e) Now the powershell script “t.ps1” is invoked. This is the main script that is responsible for injection.

Figure 12: Content of t.ps1

There are 2 functions defined in it:

A) function fun_alosh()
This function is used in the last for decoding $tLx and $Uk

B) Function FH ()
This function is used only once to decode the content of “C:\\Users\\Public\\Framework.txt”. This function takes a binary string as input, converts it into a sequence of ASCII characters, and returns the resulting string.

Figure 13: Content of Framework.txt

After decoding the contents of “C:\Users\Public\Framework.txt” using CyberChef, we are able to reveal the name of the final binary file targeted for injection.

Figure 14: Binary to Hex, Hex to Ascii Conversion using CyberChef

This technique aims to evade detection by concealing suspicious keywords within the script. Same way other keywords are also stored in txt files, such as:

Content of other text files are:

Figure 15: Content of other files

After replacing all the names and reframing sentences. Below is the result.

Figure 16: Injection code

Now, the two variables left are decrypted by fun_alosh.

After decrypting and saving them, it was discovered that both files are PE files, with one being a DLL ($tLx) and the other an exe ($Uk).

Figure 17: Decoded binaries

Process injection in aspnet_compiler.exe.

Figure 18:  Process injection in aspnet_compiler.exe

Once all background tasks are finished, a deceptive Amazon page emerges solely to entice the user.

Figure 19: Fake Amazon page

Analysis of Binaries:

The Dll file is packed with confuserEX and as shown, the type is mentioned ‘NewPE2.PE’ and Method is mentioned ‘Execute’.

Figure 20: Confuser packed DLL

The second file is named AsyncClient123 which is highly obfuscated.

Figure 21: AsyncRat payload

To summarize the main execution flow of “AsyncRAT”, we can outline the following steps:

  • Initialize its configuration (decrypts the strings).
  • Verifies and creates a Mutex (to avoid running duplicated instances).
  • If configured through the settings, the program will automatically exit upon detecting a virtualized or analysis environment.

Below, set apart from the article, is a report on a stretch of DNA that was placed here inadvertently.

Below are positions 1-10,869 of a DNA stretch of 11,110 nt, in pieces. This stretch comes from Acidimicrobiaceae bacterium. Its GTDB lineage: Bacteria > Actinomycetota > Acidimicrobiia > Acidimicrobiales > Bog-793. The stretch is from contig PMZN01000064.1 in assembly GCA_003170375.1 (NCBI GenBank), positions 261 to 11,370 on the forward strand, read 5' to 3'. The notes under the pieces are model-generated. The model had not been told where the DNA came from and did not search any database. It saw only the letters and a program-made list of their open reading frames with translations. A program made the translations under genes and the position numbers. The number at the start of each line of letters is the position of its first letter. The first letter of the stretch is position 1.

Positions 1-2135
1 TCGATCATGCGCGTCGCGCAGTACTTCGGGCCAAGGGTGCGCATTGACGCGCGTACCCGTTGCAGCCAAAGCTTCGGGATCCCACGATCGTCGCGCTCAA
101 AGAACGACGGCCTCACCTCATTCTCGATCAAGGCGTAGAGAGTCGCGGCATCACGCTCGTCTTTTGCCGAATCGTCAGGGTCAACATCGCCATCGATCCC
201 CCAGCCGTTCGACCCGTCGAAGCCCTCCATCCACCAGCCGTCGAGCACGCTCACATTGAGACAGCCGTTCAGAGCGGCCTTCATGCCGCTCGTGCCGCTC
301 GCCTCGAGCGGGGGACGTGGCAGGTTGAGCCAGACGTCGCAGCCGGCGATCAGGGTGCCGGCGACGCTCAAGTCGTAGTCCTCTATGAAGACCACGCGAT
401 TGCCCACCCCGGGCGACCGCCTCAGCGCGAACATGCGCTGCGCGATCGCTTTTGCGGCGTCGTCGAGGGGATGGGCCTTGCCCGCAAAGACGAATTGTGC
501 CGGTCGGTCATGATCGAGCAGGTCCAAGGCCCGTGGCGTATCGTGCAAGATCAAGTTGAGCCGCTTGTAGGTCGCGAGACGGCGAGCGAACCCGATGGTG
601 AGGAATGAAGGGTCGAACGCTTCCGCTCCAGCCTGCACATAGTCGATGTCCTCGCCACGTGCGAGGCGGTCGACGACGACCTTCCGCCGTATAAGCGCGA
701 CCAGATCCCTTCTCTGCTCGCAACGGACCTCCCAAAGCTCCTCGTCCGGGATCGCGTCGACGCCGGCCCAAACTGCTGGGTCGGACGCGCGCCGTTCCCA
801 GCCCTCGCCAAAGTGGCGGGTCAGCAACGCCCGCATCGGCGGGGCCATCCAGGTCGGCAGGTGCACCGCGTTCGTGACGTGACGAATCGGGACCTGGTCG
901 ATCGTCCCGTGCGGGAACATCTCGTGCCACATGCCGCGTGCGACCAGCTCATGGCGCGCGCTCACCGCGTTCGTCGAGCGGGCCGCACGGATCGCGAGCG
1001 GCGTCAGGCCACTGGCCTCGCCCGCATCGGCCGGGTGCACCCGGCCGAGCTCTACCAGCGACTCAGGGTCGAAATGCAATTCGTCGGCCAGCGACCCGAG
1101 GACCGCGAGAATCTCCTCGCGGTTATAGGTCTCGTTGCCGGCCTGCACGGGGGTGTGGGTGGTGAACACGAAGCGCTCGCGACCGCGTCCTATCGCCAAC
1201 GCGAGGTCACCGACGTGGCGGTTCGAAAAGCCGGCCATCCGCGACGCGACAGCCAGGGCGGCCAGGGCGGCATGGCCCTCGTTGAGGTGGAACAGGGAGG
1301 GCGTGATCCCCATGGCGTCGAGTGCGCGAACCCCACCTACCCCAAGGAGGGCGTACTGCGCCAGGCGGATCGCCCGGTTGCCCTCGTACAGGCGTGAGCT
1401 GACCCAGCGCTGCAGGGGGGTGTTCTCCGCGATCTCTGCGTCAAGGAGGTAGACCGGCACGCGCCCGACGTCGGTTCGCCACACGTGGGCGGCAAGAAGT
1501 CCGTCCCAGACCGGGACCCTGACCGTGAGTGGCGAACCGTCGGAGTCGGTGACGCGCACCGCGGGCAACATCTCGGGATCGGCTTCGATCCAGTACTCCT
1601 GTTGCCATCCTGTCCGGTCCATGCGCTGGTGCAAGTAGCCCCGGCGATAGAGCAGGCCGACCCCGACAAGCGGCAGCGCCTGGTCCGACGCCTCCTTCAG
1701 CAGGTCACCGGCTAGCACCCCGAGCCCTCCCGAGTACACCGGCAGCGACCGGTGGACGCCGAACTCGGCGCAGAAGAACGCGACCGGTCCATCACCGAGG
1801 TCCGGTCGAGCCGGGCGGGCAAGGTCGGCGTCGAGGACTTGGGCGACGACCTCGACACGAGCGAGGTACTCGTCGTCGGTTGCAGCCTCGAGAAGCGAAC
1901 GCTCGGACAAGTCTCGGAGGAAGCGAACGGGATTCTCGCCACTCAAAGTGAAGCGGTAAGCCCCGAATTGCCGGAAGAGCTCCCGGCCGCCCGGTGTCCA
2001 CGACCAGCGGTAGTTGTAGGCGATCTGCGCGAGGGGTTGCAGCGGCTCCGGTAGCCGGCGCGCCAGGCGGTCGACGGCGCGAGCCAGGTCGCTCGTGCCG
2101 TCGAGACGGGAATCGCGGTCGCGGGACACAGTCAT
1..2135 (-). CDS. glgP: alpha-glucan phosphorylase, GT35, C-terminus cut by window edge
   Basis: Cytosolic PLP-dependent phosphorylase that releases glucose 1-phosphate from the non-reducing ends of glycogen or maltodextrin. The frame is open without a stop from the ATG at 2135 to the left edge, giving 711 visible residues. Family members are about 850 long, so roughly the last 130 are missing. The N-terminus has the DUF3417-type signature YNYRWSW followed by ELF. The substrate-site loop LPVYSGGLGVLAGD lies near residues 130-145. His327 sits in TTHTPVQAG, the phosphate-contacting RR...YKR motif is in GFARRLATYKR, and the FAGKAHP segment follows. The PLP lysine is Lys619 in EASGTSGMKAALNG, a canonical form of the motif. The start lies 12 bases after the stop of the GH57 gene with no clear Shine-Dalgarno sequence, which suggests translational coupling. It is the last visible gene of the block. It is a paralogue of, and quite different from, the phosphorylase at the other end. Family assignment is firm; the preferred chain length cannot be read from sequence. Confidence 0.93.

• Establishes persistence in the system.
  • Collect data from the victim’s machine.
  • Establish a connection with the server.

The decrypting function is used to decrypt strings.

Figure 22: Decrypting Function

The program creates a mutex to prevent multiple instances from running simultaneously.

Figure 23: Creating Mutex

Figure 24: Mutex in process explorer

Checking the presence of a debugger.

Figure 25: Anti analysis code

Collecting data from the system.

Figure 26: Code for collecting data from system

Establish a connection with the server.

Figure 27: Code for C2 connection

Process injection in aspnet_compiler.exe:

Figure 28: C2 communication


In this blog post, we dissect the entire attack sequence of AsyncRAT, beginning with an HTML file that triggers the download of a WSF file, and culminating in the injection of the final payload. Such tactics are frequently employed by attackers to gain an initial foothold. We anticipate a rise in the utilization of these file types following Microsoft’s implementation of protections against malicious Microsoft Office macros, which have also been widely exploited for malware delivery. McAfee labs consistently advise users to refrain from opening files from unknown sources, particularly those received via email. For organizations, we highly recommend conducting security training for employees and implementing a secure web gateway equipped with advanced threat protection. This setup enables real-time scanning and detection of malicious files, enhancing organizational security.


Avoiding falling victim to email phishing involves adopting a vigilant and cautious approach. Here are some common practices to help prevent falling prey to email phishing:

  • Verify Sender Information
  • Think Before Clicking Links and Warnings
  • Check for Spelling and Grammar Errors
  • Be Cautious with Email Content
  • Verify Unusual Requests
  • Use Email Spam Filters
  • Check for Secure HTTP Connections
  • Delete Suspicious Emails
  • Keep Windows and Security Software Up to date
  • Use the latest and patched version of Acrobat reader

IOCs (Indicators of compromise):

File SHA256
HTML 969c50f319a591b79037ca50cda55a1bcf2c4284e6ea090a68210039034211db
WSF ec6805562419e16de9609e2a210464d58801c8b8be964f876cf062e4ab52681a daee41645adcf22576def12cb42576a07ed5f181a71d3f241c2c14271aad308b
basta.js 909ec84dfa3f2a00431a20d4b8a241f2959cac2ea402692fd46f4b7dbf247e90
node.bat 569e33818e6af315b5f290442f9e27dc6c56a25259d9c9866b2ffb4176d07103
app.js 7d8a4aa184eb350f4be8706afb0d7527fca40c4667ab0491217b9e1e9d0f9c81
t.bat e2d30095e7825589c3ebd198f31e4c24e213d9f43fc3bb1ab2cf06b70c6eac1d
t.ps1 a0c40aa214cb28caaf1a2f5db136bb079780f05cba50e84bbaeed101f0de7fb3
exe 0d6bc7db43872fc4d012124447d3d050b123200b720d305324ec7631f739d98d
dll b46cd34f7a2d3db257343501fe47bdab67e796700f150b8c51a28bb30650c28f
URL hxxp://142.202.240[.]40:222/1.txt
URL hxxp://142.202.240[.]40:222/r.jpg